A waning crescent moon-sometimes called an "old moon"-is seen in the east before dawn. Now the moon has moved nearly entirely around in its orbit of Earth, as measured from one new moon to the next.
Because the moon is nearly on a line with the Earth and sun again, the "day side" of the moon is facing mostly away from us once more. We see only a slender fraction of the moon's day side: a crescent moon. Each morning before dawn, because the moon is moving eastward in orbit around Earth, the moon appears closer to the sunrise glare. We see less and less of the moon's day side, and thus the crescent in the east before dawn appears thinner each day.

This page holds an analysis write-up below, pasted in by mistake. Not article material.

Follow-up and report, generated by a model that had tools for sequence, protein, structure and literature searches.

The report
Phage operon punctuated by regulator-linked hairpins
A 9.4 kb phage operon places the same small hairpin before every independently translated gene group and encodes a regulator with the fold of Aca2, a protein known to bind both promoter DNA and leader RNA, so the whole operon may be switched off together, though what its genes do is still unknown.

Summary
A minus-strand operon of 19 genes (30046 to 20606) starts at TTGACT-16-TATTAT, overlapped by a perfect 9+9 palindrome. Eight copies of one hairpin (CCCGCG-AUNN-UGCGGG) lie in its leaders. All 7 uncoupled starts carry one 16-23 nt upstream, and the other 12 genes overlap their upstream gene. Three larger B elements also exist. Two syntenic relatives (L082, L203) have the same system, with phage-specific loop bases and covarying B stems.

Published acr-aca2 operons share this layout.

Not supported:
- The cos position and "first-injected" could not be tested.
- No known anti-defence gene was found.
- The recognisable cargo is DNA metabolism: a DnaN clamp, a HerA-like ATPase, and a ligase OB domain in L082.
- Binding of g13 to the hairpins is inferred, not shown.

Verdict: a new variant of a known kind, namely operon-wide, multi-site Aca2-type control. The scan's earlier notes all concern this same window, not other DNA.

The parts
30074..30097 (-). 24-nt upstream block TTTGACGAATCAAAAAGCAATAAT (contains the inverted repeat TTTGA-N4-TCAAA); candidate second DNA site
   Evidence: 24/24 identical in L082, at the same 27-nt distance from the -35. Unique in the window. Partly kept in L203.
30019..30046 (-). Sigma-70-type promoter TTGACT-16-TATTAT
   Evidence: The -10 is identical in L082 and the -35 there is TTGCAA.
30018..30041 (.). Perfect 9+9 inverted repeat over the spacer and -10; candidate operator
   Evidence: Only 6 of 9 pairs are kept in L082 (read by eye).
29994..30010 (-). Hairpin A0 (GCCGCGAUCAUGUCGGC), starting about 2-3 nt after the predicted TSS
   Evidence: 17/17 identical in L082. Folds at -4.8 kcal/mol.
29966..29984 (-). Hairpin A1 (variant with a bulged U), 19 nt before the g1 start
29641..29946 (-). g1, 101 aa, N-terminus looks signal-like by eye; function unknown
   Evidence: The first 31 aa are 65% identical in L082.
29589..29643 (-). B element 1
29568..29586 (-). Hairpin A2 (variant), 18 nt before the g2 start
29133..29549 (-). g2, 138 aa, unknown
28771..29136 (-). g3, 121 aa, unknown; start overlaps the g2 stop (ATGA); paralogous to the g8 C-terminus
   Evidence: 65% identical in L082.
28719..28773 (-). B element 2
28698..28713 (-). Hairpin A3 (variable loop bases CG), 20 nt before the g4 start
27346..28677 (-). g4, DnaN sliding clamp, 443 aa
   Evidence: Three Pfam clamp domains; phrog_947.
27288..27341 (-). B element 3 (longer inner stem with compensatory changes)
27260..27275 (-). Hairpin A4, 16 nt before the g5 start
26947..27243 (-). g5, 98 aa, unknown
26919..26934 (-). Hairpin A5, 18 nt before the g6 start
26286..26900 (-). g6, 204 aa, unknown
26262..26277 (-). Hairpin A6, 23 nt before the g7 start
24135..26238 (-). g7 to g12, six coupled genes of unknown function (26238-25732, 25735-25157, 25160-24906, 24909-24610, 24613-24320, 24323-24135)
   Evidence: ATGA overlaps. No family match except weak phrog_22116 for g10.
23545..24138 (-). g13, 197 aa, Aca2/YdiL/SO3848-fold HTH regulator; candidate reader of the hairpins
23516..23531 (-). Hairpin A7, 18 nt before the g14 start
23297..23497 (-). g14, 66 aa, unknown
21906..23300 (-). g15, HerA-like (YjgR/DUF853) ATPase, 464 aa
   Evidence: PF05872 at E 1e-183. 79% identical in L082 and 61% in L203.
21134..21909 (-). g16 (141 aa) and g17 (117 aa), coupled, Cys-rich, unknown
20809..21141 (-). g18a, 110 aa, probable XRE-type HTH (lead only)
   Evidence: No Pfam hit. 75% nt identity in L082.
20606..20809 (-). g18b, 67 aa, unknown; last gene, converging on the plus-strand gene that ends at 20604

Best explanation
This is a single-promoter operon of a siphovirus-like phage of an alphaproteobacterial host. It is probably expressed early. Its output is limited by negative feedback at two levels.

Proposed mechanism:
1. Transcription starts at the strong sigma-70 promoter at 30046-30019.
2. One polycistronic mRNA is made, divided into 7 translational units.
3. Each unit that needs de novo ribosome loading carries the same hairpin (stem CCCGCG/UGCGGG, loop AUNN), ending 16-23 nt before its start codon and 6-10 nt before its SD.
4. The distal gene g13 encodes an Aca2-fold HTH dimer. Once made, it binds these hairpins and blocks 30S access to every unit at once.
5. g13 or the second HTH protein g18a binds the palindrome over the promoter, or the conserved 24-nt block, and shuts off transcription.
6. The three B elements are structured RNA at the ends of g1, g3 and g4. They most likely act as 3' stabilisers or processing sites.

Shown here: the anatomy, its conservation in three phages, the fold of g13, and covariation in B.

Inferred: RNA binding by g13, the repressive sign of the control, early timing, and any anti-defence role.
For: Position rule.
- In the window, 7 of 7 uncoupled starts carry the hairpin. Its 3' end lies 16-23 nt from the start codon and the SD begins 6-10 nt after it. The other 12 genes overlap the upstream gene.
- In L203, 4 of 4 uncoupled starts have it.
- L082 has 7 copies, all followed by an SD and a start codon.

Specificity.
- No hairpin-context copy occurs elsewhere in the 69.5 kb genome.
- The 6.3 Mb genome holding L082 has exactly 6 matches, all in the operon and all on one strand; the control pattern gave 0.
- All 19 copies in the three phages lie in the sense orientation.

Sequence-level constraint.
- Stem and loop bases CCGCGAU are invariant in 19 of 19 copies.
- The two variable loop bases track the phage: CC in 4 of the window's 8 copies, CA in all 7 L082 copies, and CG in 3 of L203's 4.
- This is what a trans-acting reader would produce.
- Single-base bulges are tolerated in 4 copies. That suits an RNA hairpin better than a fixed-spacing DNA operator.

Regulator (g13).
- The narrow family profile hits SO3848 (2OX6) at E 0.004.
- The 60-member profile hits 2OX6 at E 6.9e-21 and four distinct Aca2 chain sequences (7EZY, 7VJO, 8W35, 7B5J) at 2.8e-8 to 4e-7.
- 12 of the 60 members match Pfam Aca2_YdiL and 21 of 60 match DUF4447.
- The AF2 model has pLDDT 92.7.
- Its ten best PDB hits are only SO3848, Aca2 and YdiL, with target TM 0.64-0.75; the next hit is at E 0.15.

The moon, as always, is rising in the east day after day. But most people won't see this moon phase unless they get up early. When the sun comes up, and the sky grows brighter, the waning crescent moon fades. Now the moon is so near the Earth/sun line that the sun's glare is drowning this slim moon from view. Still, the waning crescent is up there, nearly all day long, moving ahead of the sun across the sky's dome. It sets in the west several hours or less before sunset.